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We of the industrialised countries have a tremendous amount to gain from the tribal peoples of the world, concerning problems of our era.

I spent some time visiting the Turkanas and Digos of Kenya recently -
my experiences have been primarily in Africa
I realised 2 things -

firstly, that our knowledge of ancient societies, and our level of contact with them, are extremely small -
and when they occasionally happen, it is with great cultural bias and a presumption of superiority by the visitor (NGOs, government representatives, corporate staff, churches ..)
secondly, that many of the core topics of today in the industrialised world (environment, conflict and human social connection) are
- in some cases - managed far more successfully by these
ancient societies -

but there are of course many nuances and downsides in this story -
it is not black and white

I propose that we should have friendly, equal interaction with these peoples in a careful way that does not disrupt their lives -
as a way of pursuing our own search for what is right and what we want
in the West

and we should absolutely not allow these societies to disappear
a little a time - we should rather protect them from threats to their way of life, and get to know them better

Pinkers rapid dismissal of the 'myth' of social harmony in tribal societies
is merely a symptom of the fact that 'we' barely know 'them' at all,
and have extremely little reliable information -
for myself, and for 2 of your TED speakers, it is easy to distinguish
between those who have had close contact with tribal peoples,
and those who have not, like Pinker

it is true that for any normal person, a real personal contact with them
is not easy to arrange - there is travel, there is finding a personal introduction, and survival in areas without shops or hotels

I maintain that nothing has ever been more worth the effort -
and that there is no substitute for the real thing -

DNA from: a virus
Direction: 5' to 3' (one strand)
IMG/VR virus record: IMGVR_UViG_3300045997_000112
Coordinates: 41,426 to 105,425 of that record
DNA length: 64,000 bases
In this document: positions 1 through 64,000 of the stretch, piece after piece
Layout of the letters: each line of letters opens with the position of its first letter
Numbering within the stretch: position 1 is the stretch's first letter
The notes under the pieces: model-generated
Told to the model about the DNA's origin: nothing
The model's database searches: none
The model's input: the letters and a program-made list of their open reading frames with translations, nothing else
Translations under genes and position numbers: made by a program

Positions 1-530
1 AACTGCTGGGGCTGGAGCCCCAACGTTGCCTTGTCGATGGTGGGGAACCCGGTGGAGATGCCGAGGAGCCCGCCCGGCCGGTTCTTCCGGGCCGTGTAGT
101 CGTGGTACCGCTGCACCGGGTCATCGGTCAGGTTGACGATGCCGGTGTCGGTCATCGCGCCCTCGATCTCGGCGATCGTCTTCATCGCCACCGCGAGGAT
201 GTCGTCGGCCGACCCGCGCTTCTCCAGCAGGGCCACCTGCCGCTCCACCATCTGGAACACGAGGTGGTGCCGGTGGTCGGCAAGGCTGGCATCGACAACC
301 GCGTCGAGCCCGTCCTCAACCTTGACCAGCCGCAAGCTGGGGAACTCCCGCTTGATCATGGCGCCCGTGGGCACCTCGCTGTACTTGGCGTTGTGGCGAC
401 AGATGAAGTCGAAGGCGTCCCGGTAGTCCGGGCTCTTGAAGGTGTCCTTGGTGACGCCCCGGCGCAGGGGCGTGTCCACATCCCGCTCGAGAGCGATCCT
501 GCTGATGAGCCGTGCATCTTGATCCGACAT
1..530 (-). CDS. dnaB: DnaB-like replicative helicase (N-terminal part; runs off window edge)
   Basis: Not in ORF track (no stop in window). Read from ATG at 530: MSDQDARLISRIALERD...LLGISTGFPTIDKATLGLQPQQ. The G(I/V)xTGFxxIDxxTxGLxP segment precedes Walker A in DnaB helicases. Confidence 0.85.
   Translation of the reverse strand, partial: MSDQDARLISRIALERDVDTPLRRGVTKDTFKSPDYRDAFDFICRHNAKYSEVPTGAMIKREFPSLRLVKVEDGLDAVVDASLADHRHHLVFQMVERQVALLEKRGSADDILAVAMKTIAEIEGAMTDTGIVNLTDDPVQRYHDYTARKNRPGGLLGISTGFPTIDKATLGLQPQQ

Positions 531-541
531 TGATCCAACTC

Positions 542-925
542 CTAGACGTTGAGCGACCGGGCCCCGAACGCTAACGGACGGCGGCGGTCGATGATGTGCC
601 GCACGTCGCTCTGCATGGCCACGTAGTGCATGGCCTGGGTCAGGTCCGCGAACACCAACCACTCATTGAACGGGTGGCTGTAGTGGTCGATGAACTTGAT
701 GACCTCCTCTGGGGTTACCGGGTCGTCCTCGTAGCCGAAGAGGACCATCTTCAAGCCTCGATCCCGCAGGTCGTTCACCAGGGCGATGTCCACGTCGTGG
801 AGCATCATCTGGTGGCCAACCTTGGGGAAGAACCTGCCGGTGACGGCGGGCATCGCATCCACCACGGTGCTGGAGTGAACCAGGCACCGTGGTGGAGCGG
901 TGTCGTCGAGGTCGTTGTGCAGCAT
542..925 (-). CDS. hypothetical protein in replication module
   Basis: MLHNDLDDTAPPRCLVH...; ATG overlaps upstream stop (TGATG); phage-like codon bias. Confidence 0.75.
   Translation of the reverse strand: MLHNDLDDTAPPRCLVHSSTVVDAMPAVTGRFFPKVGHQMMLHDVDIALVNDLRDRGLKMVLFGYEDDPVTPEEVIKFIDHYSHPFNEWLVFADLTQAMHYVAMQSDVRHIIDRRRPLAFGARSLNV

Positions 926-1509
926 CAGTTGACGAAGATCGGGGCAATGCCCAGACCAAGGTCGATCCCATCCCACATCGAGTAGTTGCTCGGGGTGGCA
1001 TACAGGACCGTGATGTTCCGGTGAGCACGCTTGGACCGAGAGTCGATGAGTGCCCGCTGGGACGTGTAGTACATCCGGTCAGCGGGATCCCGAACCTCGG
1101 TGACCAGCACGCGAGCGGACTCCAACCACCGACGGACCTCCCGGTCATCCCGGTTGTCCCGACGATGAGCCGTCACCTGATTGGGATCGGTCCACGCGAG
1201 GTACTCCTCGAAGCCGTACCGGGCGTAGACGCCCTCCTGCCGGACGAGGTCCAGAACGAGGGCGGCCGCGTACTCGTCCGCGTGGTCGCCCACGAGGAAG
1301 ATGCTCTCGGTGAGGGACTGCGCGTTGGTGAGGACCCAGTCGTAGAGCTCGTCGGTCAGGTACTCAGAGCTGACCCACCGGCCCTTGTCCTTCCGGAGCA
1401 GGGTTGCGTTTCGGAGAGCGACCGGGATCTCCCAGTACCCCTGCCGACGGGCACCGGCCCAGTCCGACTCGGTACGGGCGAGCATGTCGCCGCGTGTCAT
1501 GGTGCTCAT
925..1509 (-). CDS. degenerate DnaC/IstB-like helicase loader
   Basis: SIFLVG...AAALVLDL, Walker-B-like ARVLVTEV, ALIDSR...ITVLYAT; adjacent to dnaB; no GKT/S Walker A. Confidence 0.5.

films, books and talks cannot convey the experience

The nearest I can come is that it changes you permanently,
and as Pinker says "everything you thought before was wrong"

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  • Dec 28 2012: You pick a curious adjective, ancient. I assume you have not invented a time machine. Is it possible that the remains of your own bias is showing? Perhaps we should just stay with tribal.

    The current path of civilization is leading to its self destruction, so it is entirely possible that these tribal societies are more sustainable and, in the evolutionary sense, more advanced. We had better learn all we can, from these and any other societies willing to share their wisdom. For us, wisdom is no longer optional.
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      Dec 29 2012: Yes! You are right.
      "We should just stay with tribal."
      Or, we go self-extinction quickly by exhausting all the resources/environment of the only planet we can live.
      We will be killed by pursuing INVALID (ineffective, bad, harmful) happiness soon.
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      Dec 29 2012: Hi Barry,
      I don't perceive the use of the word "ancient" to be bias. I speak of ancient cultures such as Greece, Nepal, Thailand, Mexico, Central and So. America, Egypt, etc. Although these places may be industrialized to a certain extent in the cities, when we get out into the mountain villages for example, many times, the people are living simply, as they did long ago, and I find it very appealing. I sincerely hope that using the word "ancient culture" is not offensive to people that I admire a great deal.

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